A Knoxville man arrested multiple times for drug possession - but rarely convicted - has filed a $5 million civil rights federal lawsuit against the Knoxville Police Department, its chief and five officers he says have harassed and stalked him and others under a “shadow assault on the minority community.”
“This assault is perpetrated through false allegations and embellishments consisting of but not limited to: window tint, noise ordinances, tail lights; wrong turns; harsh language; furtive actions and consent to any number of constitutional violations,” the complaint, filed April 4 on behalf of Brandon Allen Foxx in U.S. District Court, states.
The lawsuit says that Foxx is “only of many young black males stopped, and shaken down by KPD in the East side of Knoxville.”
Foxx, 26, accused the police department and officers of:
- Violating his Fourth Amendment right to be free from unreasonable seizure when arrested without a warrant and probable cause.
- Violating his Eighth and Fourth Amendment rights against cruel and unusual punishment when officers urged a K-9 drug-sniffing dog to attack him when he was not using violence toward them.
- Conspiring to deprive him of his constitutional rights by attempting to cover evidence of their use of excessive force.
- Creating a culture of unconstitutional behavior within the department that fails to properly train, supervise and discipline it officers.
Named in the lawsuit are: The Knoxville Police Department, Chief David Rausch, and officers Thomas Turner, Richard D. White, John Pickens, John A. Martin and Jordan G. Henderson.
City spokesman Jesse Mayshark on Sunday told WBIR 10News that officials cannot comment on the matter, which is protocol when the city is involved in litigation.
According to court records, officer White pulled over Foxx for speeding on March 18, 2014. He was taken into custody when officers discovered that he had an outstanding warrant for unpaid speeding tickets.
The following day, officers Turner and Pickens conducted a “knock and talk” at Foxx’s apartment. Police said they could smell marijuana “from the parking lot three stories away.” Officers then searched Foxx’s girlfriend’s apartment and found 477.3 grams of marijuana. Foxx told them it was his. He was charged with “drug free zone,” possession of a firearm during the commission of a felony and possession of drug paraphernalia, and arrested.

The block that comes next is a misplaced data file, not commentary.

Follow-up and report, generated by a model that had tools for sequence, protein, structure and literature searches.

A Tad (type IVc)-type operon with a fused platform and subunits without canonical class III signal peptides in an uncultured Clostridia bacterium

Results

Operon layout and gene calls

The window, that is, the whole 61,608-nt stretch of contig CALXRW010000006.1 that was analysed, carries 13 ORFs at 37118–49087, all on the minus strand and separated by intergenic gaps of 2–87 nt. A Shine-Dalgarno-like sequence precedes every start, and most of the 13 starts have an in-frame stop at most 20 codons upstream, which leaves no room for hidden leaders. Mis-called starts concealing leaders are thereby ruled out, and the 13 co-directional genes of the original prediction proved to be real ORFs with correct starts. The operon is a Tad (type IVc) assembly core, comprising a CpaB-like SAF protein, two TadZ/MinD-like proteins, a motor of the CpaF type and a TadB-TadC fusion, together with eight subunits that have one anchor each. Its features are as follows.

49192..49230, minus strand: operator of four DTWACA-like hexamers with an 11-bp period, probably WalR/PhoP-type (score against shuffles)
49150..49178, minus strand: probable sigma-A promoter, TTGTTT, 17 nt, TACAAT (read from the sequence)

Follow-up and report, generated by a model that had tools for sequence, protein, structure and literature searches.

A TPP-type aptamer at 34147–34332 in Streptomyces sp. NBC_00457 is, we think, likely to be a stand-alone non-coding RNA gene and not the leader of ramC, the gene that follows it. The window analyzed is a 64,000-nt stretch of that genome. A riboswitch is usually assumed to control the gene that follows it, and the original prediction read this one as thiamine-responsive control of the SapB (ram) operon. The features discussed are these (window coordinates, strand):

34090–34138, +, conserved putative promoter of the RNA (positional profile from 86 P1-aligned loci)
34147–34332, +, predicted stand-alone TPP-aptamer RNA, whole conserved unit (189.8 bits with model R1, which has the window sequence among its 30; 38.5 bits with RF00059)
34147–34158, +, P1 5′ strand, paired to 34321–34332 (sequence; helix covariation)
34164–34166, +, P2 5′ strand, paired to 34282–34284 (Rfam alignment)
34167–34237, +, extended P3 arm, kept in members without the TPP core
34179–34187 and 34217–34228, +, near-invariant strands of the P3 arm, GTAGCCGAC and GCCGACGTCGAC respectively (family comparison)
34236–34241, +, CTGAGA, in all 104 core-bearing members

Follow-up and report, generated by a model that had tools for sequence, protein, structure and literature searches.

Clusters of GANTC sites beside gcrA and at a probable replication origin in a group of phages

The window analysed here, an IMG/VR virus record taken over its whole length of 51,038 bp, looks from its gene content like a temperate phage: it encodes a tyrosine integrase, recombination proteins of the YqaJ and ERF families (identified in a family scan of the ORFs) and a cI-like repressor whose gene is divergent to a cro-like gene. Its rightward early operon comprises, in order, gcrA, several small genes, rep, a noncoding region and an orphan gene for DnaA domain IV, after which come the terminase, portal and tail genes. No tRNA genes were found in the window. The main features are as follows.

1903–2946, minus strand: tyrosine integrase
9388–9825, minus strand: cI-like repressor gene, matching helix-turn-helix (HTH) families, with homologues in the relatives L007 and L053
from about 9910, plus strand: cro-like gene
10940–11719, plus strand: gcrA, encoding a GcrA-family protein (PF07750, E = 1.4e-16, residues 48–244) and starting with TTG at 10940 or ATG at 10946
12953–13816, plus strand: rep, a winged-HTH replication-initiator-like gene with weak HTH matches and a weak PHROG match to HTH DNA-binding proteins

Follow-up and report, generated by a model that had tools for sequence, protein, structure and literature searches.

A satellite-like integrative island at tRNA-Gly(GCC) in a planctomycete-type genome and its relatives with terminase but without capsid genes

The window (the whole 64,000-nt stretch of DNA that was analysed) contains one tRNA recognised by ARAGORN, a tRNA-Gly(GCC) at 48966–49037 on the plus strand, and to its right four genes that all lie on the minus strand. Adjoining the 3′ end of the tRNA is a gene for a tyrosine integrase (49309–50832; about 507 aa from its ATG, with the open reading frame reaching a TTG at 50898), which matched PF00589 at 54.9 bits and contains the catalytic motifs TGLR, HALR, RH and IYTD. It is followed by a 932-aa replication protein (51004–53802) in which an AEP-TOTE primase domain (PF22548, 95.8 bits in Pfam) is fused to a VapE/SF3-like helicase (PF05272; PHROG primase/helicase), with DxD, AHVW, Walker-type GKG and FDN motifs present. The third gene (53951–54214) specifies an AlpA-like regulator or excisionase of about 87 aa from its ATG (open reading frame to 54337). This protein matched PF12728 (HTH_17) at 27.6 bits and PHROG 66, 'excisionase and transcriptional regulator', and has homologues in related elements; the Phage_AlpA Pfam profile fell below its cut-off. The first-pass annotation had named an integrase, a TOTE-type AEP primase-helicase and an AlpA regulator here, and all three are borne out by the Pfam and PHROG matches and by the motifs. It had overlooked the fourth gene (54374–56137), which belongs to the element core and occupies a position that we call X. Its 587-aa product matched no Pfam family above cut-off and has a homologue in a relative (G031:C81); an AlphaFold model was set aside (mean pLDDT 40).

Two months later – in May of that year – officer Thomas pulled over Foxx for violating the noise ordinance with his car stereo. The officer said he could smell marijuana on Foxx and called the K-9 unit. He was charged with speeding, felony evading arrest and failure to obey stop signs.
Officer Turner also pulled him over for a window tint violating in September 2014 but never issued a citation.
In October 2014, Foxx pleaded guilty to simple possession of marijuana for the March 19 incident and misdemeanor evading for the May incident.
Officers Henderson and Turner again pulled Foxx over on April 3, 2015 “under the allegation there was a strong odor of marijuana coming from the vehicle.” A short time later, officer Martin arrived with the K-9 unit.
There appeared to be a struggle between officer Turner and Foxx, but it was hard to tell since Turner’s in-cruiser camera was shut off, according to court records.
Another police dashcam shows Turner, Martin, Henderson and the K-9 assaulting Fox while he yells “I’m not hitting y’all.” The dog then bit Foxx’s leg. He was treated at UT Medical Center.
Foxx was again charged with drug free school zone, possession of drug paraphernalia, assault and resisting stop, frisk, halt, and arrest.
During a preliminary hearing before Charles Cerny, the judge opined that “Turner ran afoul of the constitutional protection against unreasonable search and seizure when Turner continued to detain Foxx without probable cause to allow time for a K-9 officer to show up to search Foxx’s car in April 2014.
“Judge Cerny also found officer Turner’s testing regarding the open air smell of marijuana to be unbelievable,” and that no marijuana was ever found, documents state.
“The City of Knoxville, through its officials, has displayed open support for the conduct of its police officers,” Foxx’s attorney, Philip Lomonaco wrote in the complaint. “(KPD) has failed to properly train, supervise and discipline them. The history of the officers as it relates to Mr. Foxx and others is replete with inaction. When confronted with these actions and inactions, Chief Rausch did not show anything but full support for these activities.”
Foxx is seeking $2.5 million in compensatory damages and another $2.5 million in punitive damages, as well as attorney’s fees.